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- Brexit: Now the Hard Part Begins — What the UK Must Do
- Union of Concerned Scientists See Global Warming Fueling Wildfire Risk
- The ‘Beijing Consensus’ & Prospects for Democratic Development in China and Beyond
- Flood Hazard Risk Exposure in the United States an Issue After Harvey and Irma
- Russia weighs in on Bannon-free White House
On the 18th of August an attack launched by military commandos against buses in some Israeli towns north of Eilat in the Negev desert resulted in many victims, including some of the attackers and several Egyptian soldiers. The attackers are claimed to have crossed into Israel from Egypt’s Sinai Peninsula, though Egyptian officials deny this.
The attack triggered a series of countermeasures, which created strong tension between Tel Aviv and Cairo. Israeli reprisals in the Gaza Strip were followed by continuous launches of Qassam rockets from Gaza towards the Israeli towns of Ashkelon, Ashdod and Be’er Sheeva by Palestinians. The Sinai Peninsula is now once again turning into a flashpoint and could see a new round of socio-political clashes. Tel Aviv’s prospects could be further complicated by its internal problems – such as massive protests over rising rents and economic crisis – as well as external – the new regional scenario resulting from the “Arab Spring.”
Also, a vote at the United Nations (UN) on Palestinian statehood was held on November 11. It was rejected after the Palestinians failed to muster enough votes support in the U.N. Security Council. Palestinian President Mahmoud Abbas made a bid for full UN membership for the state of Palestine on September 23. The Palestinian application is opposed by Israel and the United States. The latter say that the recognition of a Palestinian state in the West Bank and Gaza Strip, with East Jerusalem as its capital, is a step aimed at de-legitimizing Israel. For Tel Aviv and Washington, an engagement in peace talks with Israel is the only way Palestine can achieve statehood. Since that day the Israelis are preparing for the worst case scenario, as they fear a rise of tension in Israel and in the Middle East following the vote and the determination of Palestinian authorities to pursue their bid for a full United Nations membership.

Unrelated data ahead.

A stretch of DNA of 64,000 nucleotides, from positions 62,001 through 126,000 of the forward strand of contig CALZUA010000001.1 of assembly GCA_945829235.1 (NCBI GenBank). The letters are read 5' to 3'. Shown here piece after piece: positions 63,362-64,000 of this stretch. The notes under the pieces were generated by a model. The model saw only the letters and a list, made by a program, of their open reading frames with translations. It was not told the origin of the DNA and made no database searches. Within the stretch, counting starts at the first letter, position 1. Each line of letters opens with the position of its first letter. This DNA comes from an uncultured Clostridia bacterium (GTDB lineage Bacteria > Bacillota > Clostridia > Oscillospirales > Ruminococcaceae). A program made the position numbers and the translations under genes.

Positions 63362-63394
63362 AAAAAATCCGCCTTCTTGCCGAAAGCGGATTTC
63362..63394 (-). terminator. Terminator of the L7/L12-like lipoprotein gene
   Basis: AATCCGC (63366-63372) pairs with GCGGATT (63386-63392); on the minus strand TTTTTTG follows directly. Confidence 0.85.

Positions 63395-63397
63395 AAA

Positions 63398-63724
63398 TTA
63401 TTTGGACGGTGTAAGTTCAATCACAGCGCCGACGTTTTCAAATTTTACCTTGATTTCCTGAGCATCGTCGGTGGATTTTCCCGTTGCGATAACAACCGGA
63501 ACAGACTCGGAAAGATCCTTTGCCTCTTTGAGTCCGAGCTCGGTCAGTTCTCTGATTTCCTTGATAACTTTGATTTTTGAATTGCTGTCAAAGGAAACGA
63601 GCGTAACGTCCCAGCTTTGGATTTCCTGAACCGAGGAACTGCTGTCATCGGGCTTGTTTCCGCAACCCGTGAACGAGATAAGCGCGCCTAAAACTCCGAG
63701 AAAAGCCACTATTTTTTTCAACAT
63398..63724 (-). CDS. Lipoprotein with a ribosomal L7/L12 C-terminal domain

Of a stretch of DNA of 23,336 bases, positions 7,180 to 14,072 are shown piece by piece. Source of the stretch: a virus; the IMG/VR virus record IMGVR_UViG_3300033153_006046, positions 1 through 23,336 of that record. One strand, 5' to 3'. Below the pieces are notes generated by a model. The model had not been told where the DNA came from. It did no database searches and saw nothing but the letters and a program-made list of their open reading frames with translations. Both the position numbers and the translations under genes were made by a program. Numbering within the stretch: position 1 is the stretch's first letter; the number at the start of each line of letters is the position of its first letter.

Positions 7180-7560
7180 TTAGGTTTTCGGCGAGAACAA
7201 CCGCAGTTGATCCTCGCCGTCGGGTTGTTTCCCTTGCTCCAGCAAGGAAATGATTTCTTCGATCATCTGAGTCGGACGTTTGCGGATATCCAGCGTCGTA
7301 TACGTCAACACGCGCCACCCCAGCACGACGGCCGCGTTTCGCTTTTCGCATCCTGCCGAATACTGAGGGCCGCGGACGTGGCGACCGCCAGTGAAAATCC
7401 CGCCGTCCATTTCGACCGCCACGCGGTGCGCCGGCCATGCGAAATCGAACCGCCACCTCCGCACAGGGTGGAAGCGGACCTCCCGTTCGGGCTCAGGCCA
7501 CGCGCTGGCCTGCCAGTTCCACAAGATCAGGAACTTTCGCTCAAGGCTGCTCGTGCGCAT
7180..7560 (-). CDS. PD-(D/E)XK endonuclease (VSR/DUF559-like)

Faced with this array of political variables, it is highly likely that Israel could lose control of “fast moving” events and find itself in the midst of a new Arab-Israeli crisis.
The bombings in Eilat and the Israeli reaction
The terrorist attack in the Negev (on the Israeli side of the Sinai desert demarcation line) trig-gered a triangle of tension between Israel, Egypt and Hamas, the radical Palestinian political organ-ization which runs Gaza. According to the Israeli newspaper Haaretz, the attack occurred on the road connecting Be’er Sheeva with Eilat, near Ein Netafim, where two armed groups attacked two Israeli buses and a private car, leaving seven peo-ple dead and a dozen wounded.
Published in Political Reflection Magazine Vol. 2 No. 4